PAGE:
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How is it possible to reduce Emily Bronte’s Wuthering Heights – yes, all 250 pages of it – to a 50 minute stage play? Well, it isn’t, as Cardiff’s Act One Theatre can amply attest. One could conceivably peel layers away from Wuthering Heights as one would an onion, by firstly shedding Nelly and Lockwood, but then one would lose the most iconic scene in the novel, in which Lockwood apprehends Catherine’s ghost. In any case, this “Wuthering Heights” – which is presently established at the Spaces on North Bridge – is determined to keep the original story intact. The result is like watching a film of Wuthering Heights on forward wind. Or rather, considering how many teenagers are here this evening, one feels like a student who has finally got around to skim-reading the novel an hour before he has to sit a GCSE on it.

The audience must know the original novel already, otherwise they would be sitting here stunned as Earnshaws and Lintons shot whistling past their heads. Moments of great drama – homecomings, marriages and deaths – are typically accorded about eighty seconds apiece. Considering that Lockwood remarks of Wuthering Heights (at least in the book) that “time stagnates here,” one would think that Heathcliff (Greg Davies) had all of the time in the world to declare his love to Cathy. Instead, he barks the news at her as if he was rushing to catch the next train.

This Lockwood (Glen Jordan) is a shiny-faced twit, who is nevertheless brave enough to pilfer some sort of telephone directory from Heathcliff’s home. He wanders about reciting the names from it, but we spend so little time with the corresponding characters that they are effectively nothing but their names. They all have the same flicker of a personality – a Yorkshire personality – which is dour, manipulative and emotionally retarded. When Hindley is up and Heathcliff is down, they are respectively cruelly manipulative and dourly aggrieved. When Heathcliff is up, he becomes cruelly manipulative. Yet it is hopeless: these characters are so implausibly sparse and simple that it is like watching Wuthering Heights being performed by goldfish.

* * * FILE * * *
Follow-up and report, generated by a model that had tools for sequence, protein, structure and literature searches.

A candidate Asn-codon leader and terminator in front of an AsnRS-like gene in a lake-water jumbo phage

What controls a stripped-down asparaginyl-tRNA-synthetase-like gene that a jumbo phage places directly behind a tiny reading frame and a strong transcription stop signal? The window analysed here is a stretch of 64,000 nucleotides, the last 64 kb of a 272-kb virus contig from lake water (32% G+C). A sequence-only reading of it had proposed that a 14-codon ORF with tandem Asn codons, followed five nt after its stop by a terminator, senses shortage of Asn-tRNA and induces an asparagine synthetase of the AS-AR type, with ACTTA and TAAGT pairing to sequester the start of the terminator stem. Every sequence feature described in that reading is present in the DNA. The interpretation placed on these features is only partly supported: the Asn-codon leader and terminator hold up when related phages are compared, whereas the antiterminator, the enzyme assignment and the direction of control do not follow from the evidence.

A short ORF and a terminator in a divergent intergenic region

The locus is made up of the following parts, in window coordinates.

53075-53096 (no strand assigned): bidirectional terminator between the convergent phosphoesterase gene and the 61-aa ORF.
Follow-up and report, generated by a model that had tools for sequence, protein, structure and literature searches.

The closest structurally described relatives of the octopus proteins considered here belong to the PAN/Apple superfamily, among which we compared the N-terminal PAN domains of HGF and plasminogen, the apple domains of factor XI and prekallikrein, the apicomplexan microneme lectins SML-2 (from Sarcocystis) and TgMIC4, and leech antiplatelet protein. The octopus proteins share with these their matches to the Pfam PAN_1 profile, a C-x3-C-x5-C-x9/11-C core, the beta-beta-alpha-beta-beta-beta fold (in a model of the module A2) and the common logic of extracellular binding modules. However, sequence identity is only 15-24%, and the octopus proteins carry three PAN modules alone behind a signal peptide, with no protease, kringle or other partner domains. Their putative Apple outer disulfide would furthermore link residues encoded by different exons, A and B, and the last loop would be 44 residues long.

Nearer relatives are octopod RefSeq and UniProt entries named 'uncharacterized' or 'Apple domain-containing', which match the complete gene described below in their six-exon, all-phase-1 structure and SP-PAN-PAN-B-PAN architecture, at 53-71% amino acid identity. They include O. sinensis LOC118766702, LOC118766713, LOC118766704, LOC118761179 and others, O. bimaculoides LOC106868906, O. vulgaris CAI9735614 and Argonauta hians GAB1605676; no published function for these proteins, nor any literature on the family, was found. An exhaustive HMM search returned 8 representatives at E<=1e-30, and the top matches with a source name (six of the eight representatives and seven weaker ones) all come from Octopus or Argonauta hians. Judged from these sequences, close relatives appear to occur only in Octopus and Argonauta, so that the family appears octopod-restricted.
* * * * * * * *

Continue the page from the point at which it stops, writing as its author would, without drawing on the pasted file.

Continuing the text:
If Act One had selected a handful of scenes from the novel, and performed them at a realistic pace, with dialogue which resembles how people realistically talk in real life, then they might have created a memorable show. The characters are crisp – their Heathcliff looks and sounds like Heathcliff should – their Nelly, Linton, and Hindley are equally vivid – although this Cathy (Georgia Bradley) is a little too girlish to inflame my inner Heathcliff. The cast offer some wistful melodic singing, although they together sound largely like a kettle when trying to recreate the atmosphere of the moors. The advertised puppets never appear, but perhaps they had wanted to play Yorkshiremen with rather more meat on them.

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